I'm doing the Atkins Induction right now and have NEVER felt better. I think simple carbs for SOME people are the kiss of death. Or at least the kiss of depression. It has actually helped me not drink. Day 5 of induction and day 5 A/F and no cravings. I'm only taking a B complex, Cromium and magnesium.

Jossy
December 23rd, 2007, 09:48 AM
Keep tellling me your progress, Dolly. Do you think no sugar makes your cravings go away? Isn't alcohol all sugar?
I take Zoloft for SAD, and Trazedone to sleep. I've been 'stressed' - I hate that word, used too much. I shipped my beloved kids off to their dad's for Christmas. Now I have a week to really focus on MWO, and getting healthy.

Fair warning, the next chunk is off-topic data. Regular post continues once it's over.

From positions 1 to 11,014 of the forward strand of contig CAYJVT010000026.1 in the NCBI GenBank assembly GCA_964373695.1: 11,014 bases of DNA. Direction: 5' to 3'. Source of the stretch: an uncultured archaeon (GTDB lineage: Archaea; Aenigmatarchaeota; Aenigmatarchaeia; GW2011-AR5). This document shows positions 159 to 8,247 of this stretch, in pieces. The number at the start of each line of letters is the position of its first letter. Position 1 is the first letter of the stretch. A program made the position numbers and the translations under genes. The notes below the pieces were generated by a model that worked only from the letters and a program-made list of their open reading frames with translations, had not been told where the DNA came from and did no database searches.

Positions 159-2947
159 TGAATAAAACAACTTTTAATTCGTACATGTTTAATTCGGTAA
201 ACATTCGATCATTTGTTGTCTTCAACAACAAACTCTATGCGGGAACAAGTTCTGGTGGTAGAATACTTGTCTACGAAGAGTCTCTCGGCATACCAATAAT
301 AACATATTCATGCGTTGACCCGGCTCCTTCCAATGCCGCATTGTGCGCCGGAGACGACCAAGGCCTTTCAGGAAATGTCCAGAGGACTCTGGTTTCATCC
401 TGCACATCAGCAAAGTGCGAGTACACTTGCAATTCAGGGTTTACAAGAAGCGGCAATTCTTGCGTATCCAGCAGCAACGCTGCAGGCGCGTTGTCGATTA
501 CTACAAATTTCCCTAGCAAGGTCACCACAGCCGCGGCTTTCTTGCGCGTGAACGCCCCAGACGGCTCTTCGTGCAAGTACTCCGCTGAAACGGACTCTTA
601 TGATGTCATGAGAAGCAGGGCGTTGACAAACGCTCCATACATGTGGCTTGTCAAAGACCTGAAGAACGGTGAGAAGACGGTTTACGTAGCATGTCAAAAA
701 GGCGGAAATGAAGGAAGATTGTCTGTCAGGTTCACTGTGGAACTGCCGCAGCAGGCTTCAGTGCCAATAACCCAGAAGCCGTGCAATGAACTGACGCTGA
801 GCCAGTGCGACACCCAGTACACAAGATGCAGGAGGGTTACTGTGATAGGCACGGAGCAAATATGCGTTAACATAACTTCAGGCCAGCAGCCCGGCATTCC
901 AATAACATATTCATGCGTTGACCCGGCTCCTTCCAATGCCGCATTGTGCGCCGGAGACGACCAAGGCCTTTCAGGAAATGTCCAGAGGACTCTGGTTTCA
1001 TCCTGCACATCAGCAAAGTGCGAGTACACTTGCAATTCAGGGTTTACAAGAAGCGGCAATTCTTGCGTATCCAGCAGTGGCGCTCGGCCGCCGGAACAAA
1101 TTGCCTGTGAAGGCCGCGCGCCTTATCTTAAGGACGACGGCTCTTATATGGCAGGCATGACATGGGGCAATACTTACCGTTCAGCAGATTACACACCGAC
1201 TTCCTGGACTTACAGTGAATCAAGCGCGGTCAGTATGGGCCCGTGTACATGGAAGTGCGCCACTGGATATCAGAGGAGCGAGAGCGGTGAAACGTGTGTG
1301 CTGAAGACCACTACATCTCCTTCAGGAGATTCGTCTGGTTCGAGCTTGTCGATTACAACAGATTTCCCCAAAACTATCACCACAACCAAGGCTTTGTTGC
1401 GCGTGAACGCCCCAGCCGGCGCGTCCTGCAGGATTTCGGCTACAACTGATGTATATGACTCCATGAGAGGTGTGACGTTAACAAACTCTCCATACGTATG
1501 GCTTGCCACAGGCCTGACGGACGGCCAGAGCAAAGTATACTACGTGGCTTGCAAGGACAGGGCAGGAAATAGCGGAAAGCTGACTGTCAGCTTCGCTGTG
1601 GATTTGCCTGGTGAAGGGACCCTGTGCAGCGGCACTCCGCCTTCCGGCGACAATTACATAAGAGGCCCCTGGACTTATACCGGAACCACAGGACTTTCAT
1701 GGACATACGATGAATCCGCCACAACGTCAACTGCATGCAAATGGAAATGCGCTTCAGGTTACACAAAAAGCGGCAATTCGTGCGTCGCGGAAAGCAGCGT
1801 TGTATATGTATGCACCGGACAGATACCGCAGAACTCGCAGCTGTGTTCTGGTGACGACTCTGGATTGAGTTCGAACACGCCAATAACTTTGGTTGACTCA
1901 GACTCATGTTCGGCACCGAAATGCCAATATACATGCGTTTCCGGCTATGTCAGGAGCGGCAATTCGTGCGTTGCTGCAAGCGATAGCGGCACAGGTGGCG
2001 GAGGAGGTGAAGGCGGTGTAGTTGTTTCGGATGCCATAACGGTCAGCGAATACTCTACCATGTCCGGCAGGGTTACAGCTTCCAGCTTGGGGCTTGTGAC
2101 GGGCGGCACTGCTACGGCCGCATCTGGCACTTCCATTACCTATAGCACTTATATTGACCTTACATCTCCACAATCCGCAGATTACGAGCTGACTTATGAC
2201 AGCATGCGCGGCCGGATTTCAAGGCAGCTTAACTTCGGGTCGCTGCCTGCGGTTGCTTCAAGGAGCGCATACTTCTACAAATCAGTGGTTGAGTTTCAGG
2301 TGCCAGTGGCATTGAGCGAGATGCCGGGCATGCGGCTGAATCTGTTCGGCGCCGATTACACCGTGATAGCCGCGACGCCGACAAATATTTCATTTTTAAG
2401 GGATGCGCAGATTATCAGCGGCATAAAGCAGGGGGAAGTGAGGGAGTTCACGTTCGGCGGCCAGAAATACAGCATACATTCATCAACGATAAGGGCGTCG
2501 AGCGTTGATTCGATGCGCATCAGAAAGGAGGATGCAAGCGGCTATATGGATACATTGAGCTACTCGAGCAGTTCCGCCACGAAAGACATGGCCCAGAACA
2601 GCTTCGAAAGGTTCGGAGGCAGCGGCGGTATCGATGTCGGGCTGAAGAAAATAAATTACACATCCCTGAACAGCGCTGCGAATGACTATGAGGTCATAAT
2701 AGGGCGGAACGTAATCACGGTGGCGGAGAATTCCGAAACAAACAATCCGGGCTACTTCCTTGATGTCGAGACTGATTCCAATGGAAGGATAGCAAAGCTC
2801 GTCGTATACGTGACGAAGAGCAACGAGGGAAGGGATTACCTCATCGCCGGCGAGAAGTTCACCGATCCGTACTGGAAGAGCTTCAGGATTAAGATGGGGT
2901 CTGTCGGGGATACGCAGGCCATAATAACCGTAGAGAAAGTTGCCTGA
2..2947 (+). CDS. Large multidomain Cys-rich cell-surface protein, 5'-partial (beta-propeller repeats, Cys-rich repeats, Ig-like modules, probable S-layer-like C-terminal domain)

Also, for the SAMe/SJW crowd, do you take them both together? Or do they get drug interactions?

Dolly Sunshine
December 23rd, 2007, 10:19 AM
I really think no sugar cuts the cravings. My boyfriend has even had beer in the house and it hasn't phased me at all. Beer was never my drink of choice but the last year or so it hasn't really mattered to me what it was as long as it was alcohol. I've been home alot the past week getting ready for the holidays and being home was always a big trigger for me and I've been fine with just herbal tea. I hope it continues this way.

Good luck this week :)

Guest
December 23rd, 2007, 06:36 PM
Det........tell me more about "simple/bad carbos" please.........I want to feel great in 2008.
Don`t know anything much about diet........only know how to count calories to lose weight. lol Would be good if ousting all the junk food from our diet could considerably boost mood. So, what are bad carbs?........`cos I would hazard a guess that my kitchen cupboards are full of them.....no kidding!!! :H